Friday, October 31, 2014
YOLO COUNTY NEWS
99 CENTS
UC Davis Western Cooling Efficiency Center associate engineer Curtis Harrington and student assistant Mari Thomsen prepare a blower door to test a new green aerosol sealing technology developed at UCD. Once sprayed into a pressurized environment, the sealant becomes a foggy mist of aerosolized particles. These particles move toward wherever air is escaping and seal building leaks. Paul Fortunato, UCD/Courtesy photo
UC Davis Western Cooling Efficiency Center associate engineer Curtis Harrington tests a new aerosol sealing technology developed at UCD. The system uses aerosolized particles to take the guesswork out of sealing building leaks, which account for roughly 30 percent of energy used to heat and cool a building. Paul Fortunato, UCD/Courtesy photo
UC Davis Western Cooling Efficiency Center assistant engineer Nelson Dichter, left, and associate engineer Curtis Harrington test a new aerosol sealing technology developed at UCD. The system uses aerosolized particles to take the guesswork out of sealing building leaks, which account for roughly 30 percent of energy used to heat and cool a building. Paul Fortunato, UCD/Courtesy photo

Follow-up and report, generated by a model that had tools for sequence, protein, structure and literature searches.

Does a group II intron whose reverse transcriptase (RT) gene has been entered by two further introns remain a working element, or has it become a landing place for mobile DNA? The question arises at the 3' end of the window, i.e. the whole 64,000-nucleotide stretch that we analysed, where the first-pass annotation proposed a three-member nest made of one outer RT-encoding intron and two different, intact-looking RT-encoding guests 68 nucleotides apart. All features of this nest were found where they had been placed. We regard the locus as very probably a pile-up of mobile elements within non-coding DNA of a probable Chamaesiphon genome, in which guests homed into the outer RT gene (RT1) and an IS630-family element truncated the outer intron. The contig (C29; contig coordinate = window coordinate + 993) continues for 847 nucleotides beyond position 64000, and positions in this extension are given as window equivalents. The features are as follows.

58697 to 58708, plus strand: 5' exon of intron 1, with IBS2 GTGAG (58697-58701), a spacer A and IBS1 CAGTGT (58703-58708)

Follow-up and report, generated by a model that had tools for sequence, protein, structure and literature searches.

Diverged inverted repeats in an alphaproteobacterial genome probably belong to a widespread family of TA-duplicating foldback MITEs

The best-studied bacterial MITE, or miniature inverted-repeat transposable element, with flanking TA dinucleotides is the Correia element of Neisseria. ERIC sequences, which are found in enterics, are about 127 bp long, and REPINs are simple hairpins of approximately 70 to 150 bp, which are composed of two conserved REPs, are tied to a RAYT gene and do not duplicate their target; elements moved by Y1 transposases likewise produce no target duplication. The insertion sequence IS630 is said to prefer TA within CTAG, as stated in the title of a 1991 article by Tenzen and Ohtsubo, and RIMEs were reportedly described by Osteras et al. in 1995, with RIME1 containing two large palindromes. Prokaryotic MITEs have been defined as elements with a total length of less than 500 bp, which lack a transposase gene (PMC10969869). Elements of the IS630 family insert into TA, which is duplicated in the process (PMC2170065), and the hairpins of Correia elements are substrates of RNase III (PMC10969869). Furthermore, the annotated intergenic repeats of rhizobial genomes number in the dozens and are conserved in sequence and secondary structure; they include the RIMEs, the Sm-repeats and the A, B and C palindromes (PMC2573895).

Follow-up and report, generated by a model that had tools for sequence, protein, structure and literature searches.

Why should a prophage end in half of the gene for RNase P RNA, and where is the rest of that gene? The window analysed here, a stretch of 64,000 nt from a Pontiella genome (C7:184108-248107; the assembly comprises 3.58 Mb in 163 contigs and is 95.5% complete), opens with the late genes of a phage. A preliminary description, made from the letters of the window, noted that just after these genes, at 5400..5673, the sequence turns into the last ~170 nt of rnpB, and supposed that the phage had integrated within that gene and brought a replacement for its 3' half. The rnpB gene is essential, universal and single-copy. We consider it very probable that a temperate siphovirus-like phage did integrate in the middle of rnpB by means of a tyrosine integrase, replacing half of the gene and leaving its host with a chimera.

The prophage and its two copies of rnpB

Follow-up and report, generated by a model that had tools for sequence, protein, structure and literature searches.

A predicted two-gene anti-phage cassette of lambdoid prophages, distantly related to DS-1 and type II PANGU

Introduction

A new green technology developed by the UC Davis Western Cooling Efficiency Center uses a compressed nitrogen system to push a sealant through five nozzles. Once sprayed into a pressurized environment, the sealant becomes a foggy mist of aerosolized particles. These particles move toward wherever air is escaping and seal the leak. Paul Fortunato, UCD/Courtesy photo